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City Journal

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Adopting a common-enrollment system doesn’t make a single additional student eligible for admission to a charter school or change the fact that applicants are randomly assigned to seats, writes Marcus Winters. It just changes who collects the application forms.
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Obviously, the Emory University students need some basic civics lessons in political debate. Heather Mac Donald has the remedy at City Journal.
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It is perfectly appropriate and legitimate for the West to institute whatever immigration measures it believes will best protect it from terrorism. Heather Mac Donald dispenses additional doses of common sense at City Journal.
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It’s natural to be unsettled by change, but residents of San Francisco take resistance to change to absurd levels.
Celebrated for its openness, San Francisco has a hard time with change.
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The furious attempt to deny the "Ferguson Effect" shows yet again that black lives seem to matter only when they are taken by police officers. Heather Mac Donald has the story at City Journal.
How researchers try to obscure the existence of the Ferguson effect
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Nicole Gelinas and Brian Anderson on the surprising ‪#‎Bronx‬ revival in Wednesday's upcoming episode of ‪#‎10Blocks‬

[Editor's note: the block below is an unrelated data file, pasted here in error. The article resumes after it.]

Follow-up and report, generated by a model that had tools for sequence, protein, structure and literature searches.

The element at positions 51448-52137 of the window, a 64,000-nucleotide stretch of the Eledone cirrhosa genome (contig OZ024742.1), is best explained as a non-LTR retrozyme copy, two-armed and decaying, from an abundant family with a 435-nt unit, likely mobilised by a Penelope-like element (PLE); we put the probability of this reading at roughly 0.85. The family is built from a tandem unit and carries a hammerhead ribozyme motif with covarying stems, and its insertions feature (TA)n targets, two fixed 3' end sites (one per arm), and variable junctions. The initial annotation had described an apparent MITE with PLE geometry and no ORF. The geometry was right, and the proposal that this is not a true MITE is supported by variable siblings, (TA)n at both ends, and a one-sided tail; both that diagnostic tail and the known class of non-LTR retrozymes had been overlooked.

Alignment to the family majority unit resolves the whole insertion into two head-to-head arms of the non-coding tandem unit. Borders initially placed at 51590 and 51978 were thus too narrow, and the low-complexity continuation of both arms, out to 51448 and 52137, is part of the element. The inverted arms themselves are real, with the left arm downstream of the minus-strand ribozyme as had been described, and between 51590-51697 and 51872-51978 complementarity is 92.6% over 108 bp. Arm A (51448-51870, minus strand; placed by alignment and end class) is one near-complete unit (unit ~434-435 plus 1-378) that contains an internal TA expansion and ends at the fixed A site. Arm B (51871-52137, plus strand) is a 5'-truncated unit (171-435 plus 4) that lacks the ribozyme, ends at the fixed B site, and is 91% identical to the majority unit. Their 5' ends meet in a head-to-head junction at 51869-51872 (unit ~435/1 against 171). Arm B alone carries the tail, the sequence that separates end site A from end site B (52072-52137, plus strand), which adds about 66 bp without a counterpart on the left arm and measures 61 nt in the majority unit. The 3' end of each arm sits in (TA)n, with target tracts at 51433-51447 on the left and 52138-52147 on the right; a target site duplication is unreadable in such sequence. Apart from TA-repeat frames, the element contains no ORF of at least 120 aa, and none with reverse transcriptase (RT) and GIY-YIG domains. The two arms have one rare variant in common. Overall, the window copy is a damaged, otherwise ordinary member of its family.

Subscribe: http://apple.co/1h0wYNs
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"So long as reformers are constitutionally prevented from curtailing union power in Illinois and Chicago, the pension crisis will continue to worsen," writes Aaron Renn at City Journal. "And, so long as it does, the financial environment in Chicagoland will deteriorate and people will keep leaving."
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The mental illness mess is not being caused by lack of funding. Washington spent $147 billion on mental health in 2014. New York State spends almost $4 billion. But too much of the money winds up diverted from the seriously ill. D.J. Jaffe says pending new federal legislation would reduce waste by actually requiring programs to be evidence-based.
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The Milwaukee Police Department was once among the most distinguished police forces in the country. During the 1960s though, the MPD began to face a deteriorating situation of soaring crime, poor relationships with minorities, and disgruntled cops. Has the MPD been able to reverse that downward spiral in more recent years? And if so how? What can other cities learn from MPD's history? Find out more in our latest ‪#‎podcast‬ episode.
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History doesn’t repeat itself, an old adage holds, but it rhymes. So it’s not Nuremburg rallies or Hitler Youth leagues that we should worry about, writes Myron Magnet at City Journal, but rather the entropy of our beliefs and institutions.